Never having had the luxury of just going and choosing anything I would like to study, I am now of an age where that is exactly what motivates me. I intend to read the classics, learn wood-working, work on my sewing, and read history. I will be designing my own curriculum and will be documenting my journey in either a blog or a diary. It is an exciting way to approach 60 at the same time I am embarking on my third career. Thanks for what you are doing here. Carolyn

  27. Rose June 2, 2009 at 9:59 pm · Reply

    I am really liking this website. I’ve been looking for different things like this to learn as much as possible in my life time.

  28. Carnation August 3, 2009 at 5:05 pm · Reply

    WOW!, Unbelievable!. I love SELF MADE SCHOLAR!
    I finally found what I’ve been looking for all along, and It’s time for me to stop searching for something I wasn’t exactly sure what it was but it was definately something to do with Knowledge. I’m definately going to start trying to read those Great Western Classics, Thank You! A link to Self made scholar will stay put for good on/in my Blog! Thanks again, Keep it up!

  29. praveena yeleswarapu August 30, 2009 at 3:54 am · Reply

    It helped a lot for my reference of my teacher training programme thanx a lot.

  30. sandrar September 10, 2009 at 2:07 pm · Reply

    Hi! I was surfing and found your blog post… nice! I love your blog. 🙂 Cheers! Sandra. R.

  31. Satya October 1, 2009 at 2:58 pm · Reply

    Thank you for all of your effort here. I’m amazed at the knowledge you’ve amassed and are willing to share. I can’t wait to dig in more!

  32. avs December 7, 2009 at 8:08 pm · Reply

    Thanks so much! Im in eighth grade and move a lot faster than my peers and Im tired of wasting so much time on useless information and review. I already take several independent study-type courses and am looking into self educating for high school. The only hurdles are my parents and the fact that i still want to go to college….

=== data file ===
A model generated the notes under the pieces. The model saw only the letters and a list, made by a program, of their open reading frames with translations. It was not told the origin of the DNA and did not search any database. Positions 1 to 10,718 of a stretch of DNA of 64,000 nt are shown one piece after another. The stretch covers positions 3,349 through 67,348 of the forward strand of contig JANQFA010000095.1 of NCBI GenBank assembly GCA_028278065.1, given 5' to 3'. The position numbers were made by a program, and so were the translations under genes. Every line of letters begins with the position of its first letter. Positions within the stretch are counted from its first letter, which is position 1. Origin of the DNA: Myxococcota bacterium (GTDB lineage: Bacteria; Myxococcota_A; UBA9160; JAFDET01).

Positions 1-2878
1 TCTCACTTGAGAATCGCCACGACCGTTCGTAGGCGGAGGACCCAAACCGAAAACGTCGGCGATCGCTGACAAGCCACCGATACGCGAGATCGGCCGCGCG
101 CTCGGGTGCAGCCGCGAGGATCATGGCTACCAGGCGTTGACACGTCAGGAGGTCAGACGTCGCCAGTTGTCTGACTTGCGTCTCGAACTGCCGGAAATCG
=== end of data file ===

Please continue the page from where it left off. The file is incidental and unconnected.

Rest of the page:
33. Teresa January 19, 2010 at 11:40 am · Reply

    I just came across your site. Thank you so much for the great resources.

  34. Iskandar Joned March 10, 2010 at 1:15 am · Reply

    Hi Self-Made-Scholar,

    This is unbelievably Greaaaat idea! Quality material with quality representation. I cannot imagine if my fellow learners at the University of the People upon realizing the S-M-S will start sneaking in to explore all the valuable knowledge on this site.

    Great effort and all the best.

  35. islem June 2, 2010 at 11:20 am · Reply

    I really want to be a member on this site and thanks

  36. Janis Lobza November 3, 2010 at 6:09 pm · Reply

    An absolute Godsend! I consider myself a lifelong student in need of some sort of home base. Well….this is it. I’m excited to utilize the information this site offers.
    God bless you folks for putting this thing together!!!

  37. Bullion Grey May 28, 2012 at 4:29 am · Reply

    If we start self learning for everyone, the financial crisis in education will evaporate!
    After all: you are your own best teacher, you can learn what you want to learn, and you can learn how to learn faster if you learn your own way that you learn! Why isn’t every school teaching before every semester how to learn?